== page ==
Nine of my children’s 64 fourth great grandparents were alive in the decades either side of 1901. Of the 47 fourth great grandparents whose year of birth I know, all were born between the years 1766 and 1835. I have the death dates for only 40 people of this generation. They died between 1832 and 1915. They were aged 36 to 92 with an average age at death of 63. For the 43 people whose age at marriage I know, their age at first marriage ranges from 17 to 49 with the average age being 25. The women had between at least 3 and 11 children, with the average being 7 children. 9 women lost at least one child and up to 4 children in infancy; 16 children out of 164, or one in ten died in the first year of life.

I have found it hard to gather the information for people living seven generations earlier—over 200 years ago— and thus am less confident in the figures but I think they give an indication of the experiences of those who lived in the era.

Clearly, however, the generation that was born around the time of Australian Federation in 1901 lived longer than previous generations and had smaller families.

Generation from childrenAverage LifespanAverage age when first marriedAverage number of children born to womenRate of babies died before they reached their first birthday
Great grandparents772220
Great great grandparents702557%
3*great grandparents6524712%
4*great grandparents6325710%

Based on the experience of Greg’s and my ancestors, I agree with the Productivity Commission that

  • Babies born to the generation born around 1900 were more likely to survive past one year than in previous generations.
  • The generation born in 1900 had longer lifespans than their forebears and their families were smaller.
  • The generation born around 1900 would seem to have been more likely to have been able to collect a pension and they lived in smaller households than their forebears.

The Productivity Commission asserts that

“at the turn of the twentieth century, life was materially worse for the average Australian than it is today on many dimensions”. The Commission states there has been a “dramatic rise in living standards over the past two centuries. This is despite the global population increasing almost 7-fold over that period. Just 200 years ago, 90 per cent of the world’s population lived in a state of extreme poverty, compared to less than 10 per cent today . In Australia, economic output per person — a general measure of prosperity — is around 7 times higher than at Federation (121 years ago).  This transformation is ultimately a function of human ingenuity: of being more productive — working smarter not harder.” …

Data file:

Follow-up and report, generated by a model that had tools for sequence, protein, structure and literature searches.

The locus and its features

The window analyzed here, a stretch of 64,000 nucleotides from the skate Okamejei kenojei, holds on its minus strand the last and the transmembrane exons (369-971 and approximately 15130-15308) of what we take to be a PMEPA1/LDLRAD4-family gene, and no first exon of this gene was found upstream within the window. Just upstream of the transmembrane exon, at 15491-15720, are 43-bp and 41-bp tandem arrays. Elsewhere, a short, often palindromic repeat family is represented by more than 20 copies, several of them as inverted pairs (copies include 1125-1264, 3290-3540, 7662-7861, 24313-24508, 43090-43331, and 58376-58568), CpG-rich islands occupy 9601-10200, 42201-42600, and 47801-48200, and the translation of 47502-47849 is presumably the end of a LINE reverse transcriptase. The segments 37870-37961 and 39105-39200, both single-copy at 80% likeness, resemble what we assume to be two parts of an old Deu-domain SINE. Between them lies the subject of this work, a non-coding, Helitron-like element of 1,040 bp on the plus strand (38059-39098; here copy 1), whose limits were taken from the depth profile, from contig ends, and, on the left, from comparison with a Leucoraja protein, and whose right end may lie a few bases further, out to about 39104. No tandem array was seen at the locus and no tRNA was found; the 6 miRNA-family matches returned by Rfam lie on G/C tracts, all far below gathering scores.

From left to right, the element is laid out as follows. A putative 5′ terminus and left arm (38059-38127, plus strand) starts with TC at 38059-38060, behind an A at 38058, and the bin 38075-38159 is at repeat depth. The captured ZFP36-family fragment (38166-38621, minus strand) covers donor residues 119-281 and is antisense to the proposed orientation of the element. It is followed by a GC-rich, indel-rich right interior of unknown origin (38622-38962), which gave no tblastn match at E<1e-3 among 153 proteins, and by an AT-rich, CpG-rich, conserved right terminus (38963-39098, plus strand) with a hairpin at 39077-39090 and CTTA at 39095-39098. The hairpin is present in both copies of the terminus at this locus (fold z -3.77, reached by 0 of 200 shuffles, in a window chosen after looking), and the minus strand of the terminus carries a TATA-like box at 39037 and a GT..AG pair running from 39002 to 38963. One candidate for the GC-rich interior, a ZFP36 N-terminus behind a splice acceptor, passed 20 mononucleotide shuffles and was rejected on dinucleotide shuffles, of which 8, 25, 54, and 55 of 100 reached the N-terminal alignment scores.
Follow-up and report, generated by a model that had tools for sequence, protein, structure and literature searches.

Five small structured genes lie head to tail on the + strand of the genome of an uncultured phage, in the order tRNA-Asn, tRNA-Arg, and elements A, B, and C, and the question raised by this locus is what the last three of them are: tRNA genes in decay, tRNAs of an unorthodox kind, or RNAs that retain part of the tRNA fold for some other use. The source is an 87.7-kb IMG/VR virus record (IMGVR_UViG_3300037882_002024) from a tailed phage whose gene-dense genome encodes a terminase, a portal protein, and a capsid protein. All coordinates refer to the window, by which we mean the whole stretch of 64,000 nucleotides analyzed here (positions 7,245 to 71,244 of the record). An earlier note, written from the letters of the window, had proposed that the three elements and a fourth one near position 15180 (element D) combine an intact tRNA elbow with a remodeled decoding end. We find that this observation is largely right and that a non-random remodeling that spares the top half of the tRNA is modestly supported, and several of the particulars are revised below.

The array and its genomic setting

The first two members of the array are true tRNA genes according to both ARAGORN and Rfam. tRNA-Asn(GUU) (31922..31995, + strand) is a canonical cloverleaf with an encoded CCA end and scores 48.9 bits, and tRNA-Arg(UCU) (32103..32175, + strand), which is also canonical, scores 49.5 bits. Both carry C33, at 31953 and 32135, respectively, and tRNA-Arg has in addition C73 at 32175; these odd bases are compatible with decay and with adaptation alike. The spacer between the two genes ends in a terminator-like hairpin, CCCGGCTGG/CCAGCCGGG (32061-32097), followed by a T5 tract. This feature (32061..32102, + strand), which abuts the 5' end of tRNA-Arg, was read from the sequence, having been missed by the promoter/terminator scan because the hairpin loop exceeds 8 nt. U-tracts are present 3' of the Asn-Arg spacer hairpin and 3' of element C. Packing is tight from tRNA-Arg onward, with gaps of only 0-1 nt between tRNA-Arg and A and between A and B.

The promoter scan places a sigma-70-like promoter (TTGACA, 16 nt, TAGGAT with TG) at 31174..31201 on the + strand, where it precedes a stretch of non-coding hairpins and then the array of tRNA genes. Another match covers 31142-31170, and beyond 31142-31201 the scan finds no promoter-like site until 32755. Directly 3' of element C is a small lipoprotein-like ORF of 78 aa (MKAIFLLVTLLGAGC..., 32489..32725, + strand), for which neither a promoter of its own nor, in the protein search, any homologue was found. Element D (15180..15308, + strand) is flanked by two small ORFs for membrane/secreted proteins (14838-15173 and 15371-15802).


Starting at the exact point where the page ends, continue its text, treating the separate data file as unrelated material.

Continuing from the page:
“It means that people alive today have the opportunity to access an array of goods and services that were unimaginable in the past. And access to these goods and services can transform people’s quality of life.”

Ross Gittens wrote in ‘’The Age’’ of 10 August:

“When you think about it, this is amazing. Objectively, there’s no doubt we’re hugely more prosperous than our forebears. Our lives are longer and healthier, with less pain, less physical exertion, less work per week, bigger and better homes, more education, more comfort, more convenience, more entertainment, more holidays and travel, more ready contact with family and friends, and greater access to the rest of the world."

Gittens questions whether we feel better off: “We’re undoubtedly better off in 100 ways, but do we feel much better about it?”

I think the improvements in health and longevity mean we are indeed better off than previous generations.

The generation born around 1900 were fated to live through two world wars with all their dreadful consequences.  My maternal grandfather was a firm believer in education. His own made a huge difference in his ability to recover from the second World War 2. In its aftermath he was recruited to work in Australia, where he built a new life.

I do not think our ancestors would have hankered after, or even imagined, the blessings we take for granted, such as our many possessions and our ability to travel in comfort at great speed but they would have envied our health, our education, and the luxury we enjoy of freedom from worry about food and housing.


The expression ‘You’ve never had it so good’ was made popular by the British Prime Minister Harold Macmillan. In 1957, Macmillan made a speech in Bedford, UK to his fellow Conservatives, in which he offered the opinion that: “Let us be frank about it: most of our people have never had it so good”. In the speech he celebrated the success of Britain’s post-war economy while at the same time urging wage restraint and warning against inflation. He was mimicking the line of the US Democratic Party which used ‘You never had it so good’ as a slogan in the 1952 US election campaign. From